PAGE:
Our culture has become overrun by supernatural beast narratives, even the parodies have overstayed their welcome. Dick Night is a clever independent film that tends to hold the supposed supernatural beasts back until the final act, allowing for a sexual farce to develop in an isolated model home in the middle of the desert. By combining the current vampire, meth, and female sexuality trends in our culture, Dick Night assembles something rather original out of overtired conventions.

Rachel has occupied a model home owned by her parents and has entered a deep depression after her fiancée left her at the altar. After pizza boxes have accumulated around the house, her mother, with a small army of movers, hold an intervention to clean the home and insist that she starts dating again. Furthermore, they insist that she gets a roommate and have put up a room for rent sign. When Rachel finally chooses to indulge in a night of no-strings-attached sex, her options begin to mount unexpectedly.

Rachel is determined to sink her teeth into getting laid, except the teeth sinking will be inflicted by another party. What is originally her attempt to physically end her heartbreak through meaningless sex, Rachel’s mission devolves into a dark comedy where several possible partners converge to stake their claim. Despite Rachel’s penchant for pizza delivery for each meal, she has been surprisingly able to stave off obesity without exercise, making her attempts at a random sexual encounter relatively easy.

The model home that Rachel lives in sits isolated in the middle of a desert with poor cellular reception. The lone home represents her attractiveness while remaining lonely after being rejected, while the desert is an analogy for the dryness in her heart, possibly in her sexual interests. Furthermore, she has a cast at the beginning of the film from a broken, and its removal represents her coming out as a single, attractive female with a determination to strip away her funk.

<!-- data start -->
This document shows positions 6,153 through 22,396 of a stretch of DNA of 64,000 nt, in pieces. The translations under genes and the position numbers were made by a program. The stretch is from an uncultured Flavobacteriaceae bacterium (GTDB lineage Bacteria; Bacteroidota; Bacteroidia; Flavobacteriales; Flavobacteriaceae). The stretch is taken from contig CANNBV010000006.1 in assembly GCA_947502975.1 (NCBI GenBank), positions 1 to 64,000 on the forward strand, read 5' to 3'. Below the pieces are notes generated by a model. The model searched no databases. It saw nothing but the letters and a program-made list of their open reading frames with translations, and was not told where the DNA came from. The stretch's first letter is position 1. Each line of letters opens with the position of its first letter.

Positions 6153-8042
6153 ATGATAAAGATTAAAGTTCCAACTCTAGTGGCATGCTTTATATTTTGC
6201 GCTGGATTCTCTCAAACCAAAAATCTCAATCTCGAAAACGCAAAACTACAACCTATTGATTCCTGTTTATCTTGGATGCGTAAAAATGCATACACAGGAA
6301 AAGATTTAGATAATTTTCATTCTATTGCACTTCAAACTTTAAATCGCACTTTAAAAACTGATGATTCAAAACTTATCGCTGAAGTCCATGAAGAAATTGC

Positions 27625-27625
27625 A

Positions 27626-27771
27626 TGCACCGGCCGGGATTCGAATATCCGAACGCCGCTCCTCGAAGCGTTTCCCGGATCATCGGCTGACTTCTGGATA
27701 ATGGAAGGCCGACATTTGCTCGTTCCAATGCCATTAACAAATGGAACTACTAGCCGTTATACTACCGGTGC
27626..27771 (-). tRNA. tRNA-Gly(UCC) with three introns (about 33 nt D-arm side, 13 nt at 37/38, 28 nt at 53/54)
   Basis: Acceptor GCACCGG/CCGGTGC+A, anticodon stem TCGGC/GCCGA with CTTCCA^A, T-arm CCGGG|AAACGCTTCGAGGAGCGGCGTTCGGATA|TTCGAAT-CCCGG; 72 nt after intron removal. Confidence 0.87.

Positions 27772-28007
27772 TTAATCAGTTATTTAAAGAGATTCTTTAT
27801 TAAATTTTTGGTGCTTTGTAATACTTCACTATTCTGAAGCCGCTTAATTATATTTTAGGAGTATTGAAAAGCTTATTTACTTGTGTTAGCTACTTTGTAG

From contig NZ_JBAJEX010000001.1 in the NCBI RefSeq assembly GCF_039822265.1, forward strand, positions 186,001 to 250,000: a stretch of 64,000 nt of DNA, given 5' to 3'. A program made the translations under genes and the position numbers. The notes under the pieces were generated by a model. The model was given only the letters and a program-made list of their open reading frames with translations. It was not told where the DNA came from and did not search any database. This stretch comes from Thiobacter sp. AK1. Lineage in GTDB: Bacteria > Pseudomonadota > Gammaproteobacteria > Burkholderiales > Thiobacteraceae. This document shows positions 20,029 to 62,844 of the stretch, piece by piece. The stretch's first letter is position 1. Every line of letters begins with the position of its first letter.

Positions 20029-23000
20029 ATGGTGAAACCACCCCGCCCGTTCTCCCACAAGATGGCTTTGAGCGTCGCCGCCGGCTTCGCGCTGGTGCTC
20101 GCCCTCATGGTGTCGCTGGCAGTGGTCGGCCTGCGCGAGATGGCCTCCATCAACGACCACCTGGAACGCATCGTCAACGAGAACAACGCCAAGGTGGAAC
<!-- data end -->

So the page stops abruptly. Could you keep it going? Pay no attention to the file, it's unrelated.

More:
Dick Night’s premise can easily fall into a raunchy cesspool of void of originality. Yet the film cleverly deviates from any predictable corners by stacking the stakes upon each other. However, most of the male characters are stereotypical, stoners, doctors, stoner delivery dudes, pesky skate board punks, and even suspicious mobile home dwellers not too far away. It’s all just too familiar. Just as the film tends to find a lull in its originality, it takes a massive turn, executed fairly well thanks to a well-placed callback early in the film.

Despite the film’s fresh premise and effective plot twist, Dick Night falls off quickly within its final moments. With such a satisfying amount of momentum in the form of a sex comedy the sense of urgency found in the third act disappears as night becomes day. The film is a relatively well produced indie for just about $50,000, which acknowledges the filmmakers ability to use their resources carefully to construct a clever story around menial locales.

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Aaron Weiss founded CinemaFunk in September 2009 after recieving his degree in Cinema Studies from the University of Central Florida. In 2012, he received his Master's in Cinema Studies from the Savannah College of Art and Design. He works full-time as a Senior Web Strategist at Tampa SEO Training Academy. When not doing either, Aaron is watching Indycar races, taking a hike, or riding his bike in Tampa, FL.